It seems insulting women is the “in” thing with late night comedians right now.
Lopez was belittling Alley's dancing on "Dancing With the Stars" on his show, "Lopez Tongiht." "She did a nice job, her little hooves tapping away. Before the show, she went to the market, and then she had roast beef and this is her going all the way home!" he said, before cutting to a squealing pig from a GEICO commercial.
Many were not amused by the callous “joke,” especially considering that 60-year-old Alley has struggled very publicly with weight issues over the years, at one point tipping the scales at 230 pounds and sparking speculation she suffers with a compulsive eating disorder.
"Lopez's comments were not only demeaning to Alley, who has been incredibly brave and open with her journey toward health, but they were very detrimental to women and girls everywhere," said Yana Walton, Vice President of Communications for watchdog group the Women’s Media Center. "In a country where eating disorders are an epidemic, where advertising continually implies women are deeply deficient, where media places the majority of women's worth on their appearances, this is unacceptable."
“Lopez should use his creativity to make jokes that aren’t this harmful," Walton said. "And Alley should be judged on her dancing. After all, this is a show about dance - it's not 'The Biggest Loser.’”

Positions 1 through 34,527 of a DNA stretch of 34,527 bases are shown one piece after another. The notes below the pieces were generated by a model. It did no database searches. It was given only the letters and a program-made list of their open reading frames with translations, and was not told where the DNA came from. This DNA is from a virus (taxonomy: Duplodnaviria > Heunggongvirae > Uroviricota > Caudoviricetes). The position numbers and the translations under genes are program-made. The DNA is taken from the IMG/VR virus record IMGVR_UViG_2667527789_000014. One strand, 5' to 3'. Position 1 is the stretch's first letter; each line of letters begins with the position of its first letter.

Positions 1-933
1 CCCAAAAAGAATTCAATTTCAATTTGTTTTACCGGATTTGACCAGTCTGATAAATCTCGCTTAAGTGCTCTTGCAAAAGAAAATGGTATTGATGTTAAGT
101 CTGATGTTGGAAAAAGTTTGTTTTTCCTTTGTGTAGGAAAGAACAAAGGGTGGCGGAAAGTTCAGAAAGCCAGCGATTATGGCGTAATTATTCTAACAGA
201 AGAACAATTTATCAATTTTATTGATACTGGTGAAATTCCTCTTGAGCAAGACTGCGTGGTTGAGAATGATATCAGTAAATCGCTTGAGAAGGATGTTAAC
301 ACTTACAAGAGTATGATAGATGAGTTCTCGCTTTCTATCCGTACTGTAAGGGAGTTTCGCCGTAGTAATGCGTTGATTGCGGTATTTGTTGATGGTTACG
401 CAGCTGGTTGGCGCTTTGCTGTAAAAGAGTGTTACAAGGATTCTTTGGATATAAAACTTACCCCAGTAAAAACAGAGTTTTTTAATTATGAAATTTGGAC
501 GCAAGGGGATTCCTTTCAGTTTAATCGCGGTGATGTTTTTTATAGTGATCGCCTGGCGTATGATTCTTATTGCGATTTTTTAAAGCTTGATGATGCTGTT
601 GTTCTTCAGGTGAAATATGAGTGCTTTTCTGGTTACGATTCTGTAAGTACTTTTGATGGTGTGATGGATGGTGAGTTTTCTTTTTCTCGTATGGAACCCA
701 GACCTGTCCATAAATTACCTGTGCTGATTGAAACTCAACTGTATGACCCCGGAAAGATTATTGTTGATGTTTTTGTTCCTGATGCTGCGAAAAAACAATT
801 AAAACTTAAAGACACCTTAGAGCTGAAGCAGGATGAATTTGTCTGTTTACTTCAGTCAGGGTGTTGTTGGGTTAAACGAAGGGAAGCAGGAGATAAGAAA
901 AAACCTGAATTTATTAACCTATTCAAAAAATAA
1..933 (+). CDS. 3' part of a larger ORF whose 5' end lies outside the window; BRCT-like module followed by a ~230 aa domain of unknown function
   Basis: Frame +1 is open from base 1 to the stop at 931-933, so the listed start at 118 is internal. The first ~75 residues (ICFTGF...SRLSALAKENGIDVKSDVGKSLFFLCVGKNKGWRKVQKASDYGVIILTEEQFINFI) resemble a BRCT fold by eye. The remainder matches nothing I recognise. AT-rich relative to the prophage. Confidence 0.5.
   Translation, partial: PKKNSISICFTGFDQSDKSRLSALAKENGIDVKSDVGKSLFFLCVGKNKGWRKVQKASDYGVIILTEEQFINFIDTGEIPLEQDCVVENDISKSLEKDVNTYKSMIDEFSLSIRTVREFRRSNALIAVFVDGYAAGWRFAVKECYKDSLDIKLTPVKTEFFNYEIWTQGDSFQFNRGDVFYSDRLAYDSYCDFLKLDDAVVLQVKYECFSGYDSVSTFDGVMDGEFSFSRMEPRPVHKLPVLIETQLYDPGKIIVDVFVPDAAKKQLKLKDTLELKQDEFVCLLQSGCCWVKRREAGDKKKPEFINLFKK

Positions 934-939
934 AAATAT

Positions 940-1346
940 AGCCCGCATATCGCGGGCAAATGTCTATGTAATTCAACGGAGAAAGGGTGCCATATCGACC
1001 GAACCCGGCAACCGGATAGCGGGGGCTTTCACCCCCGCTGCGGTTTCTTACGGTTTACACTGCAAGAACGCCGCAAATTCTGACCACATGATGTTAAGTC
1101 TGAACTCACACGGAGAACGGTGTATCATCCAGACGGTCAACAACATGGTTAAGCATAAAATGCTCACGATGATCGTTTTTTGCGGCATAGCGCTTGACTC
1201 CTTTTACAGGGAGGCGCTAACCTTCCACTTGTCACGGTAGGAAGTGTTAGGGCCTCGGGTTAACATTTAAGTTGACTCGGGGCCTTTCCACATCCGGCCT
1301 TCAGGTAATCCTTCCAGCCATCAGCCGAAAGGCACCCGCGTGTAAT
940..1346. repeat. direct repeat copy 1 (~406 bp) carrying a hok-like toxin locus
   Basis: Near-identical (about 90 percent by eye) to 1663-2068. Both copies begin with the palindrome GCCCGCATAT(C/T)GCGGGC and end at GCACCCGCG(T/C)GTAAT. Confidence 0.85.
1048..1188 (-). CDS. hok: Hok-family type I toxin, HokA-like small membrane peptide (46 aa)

TBS declined to comment on Lopez’s remarks.
Terri Dougherty, editor of Women Magazine, feels some in Hollywood need to shape up and actually produce some original, funny material.
“Lopez made a cheap shot that simply was not very funny. Dancing is excellent exercise and I'm happy to see Kirstie out there. Making fun of a person's looks may be a standard part of comedians' acts, but this certainly was not a fresh or humorous take,” she said.
Author of “Love Your Body, Love Your Life” Sarah Maria said Lopez’s snide jab at Alley is offensive to all women.
“Lopez’s attempt at comedy is cruel, demeaning, and insulting. In an apparent attempt to make people laugh, Lopez chooses insults over intelligence,” she said. “Did Lopez even graduate from pre-school? Even without considering Alley’s personal ongoing weight struggle, such a cruel comment is an insult to women and men everywhere. One hopes that after pre-school, maybe at the very latest grade school, children outgrow such hurtful and inane comments.”
The National Organization for Women (NOW) was not available for comment.
But it isn’t only male comedians making disparaging weight-related remarks. Just a few months ago, comedian Kathy Griffin launched a “fat” attack against last season’s “Dancing With the Stars” contestant Bristol Palin, likening her to the 350-pound fictional character “Precious.”
According to experts we spoke to, just because one considers himself a comedian does not make it acceptable to criticize with brutality.
“If we are not constantly vigilant, sexism creeps back into the public media. This is just another example,” said Sondra Hale, a Professor of Women’s Studies and Anthropology at UCLA. “Sexism delivered in the disguise of comedy is still sexism.”
One of the world’s most successful stand-up performers, Sarah Silverman, recently told us that there is indeed a line that needs to be drawn.“I would go with anything I felt was funny, the line for me is if it bums me out or makes me heart feel bad to say,” she said.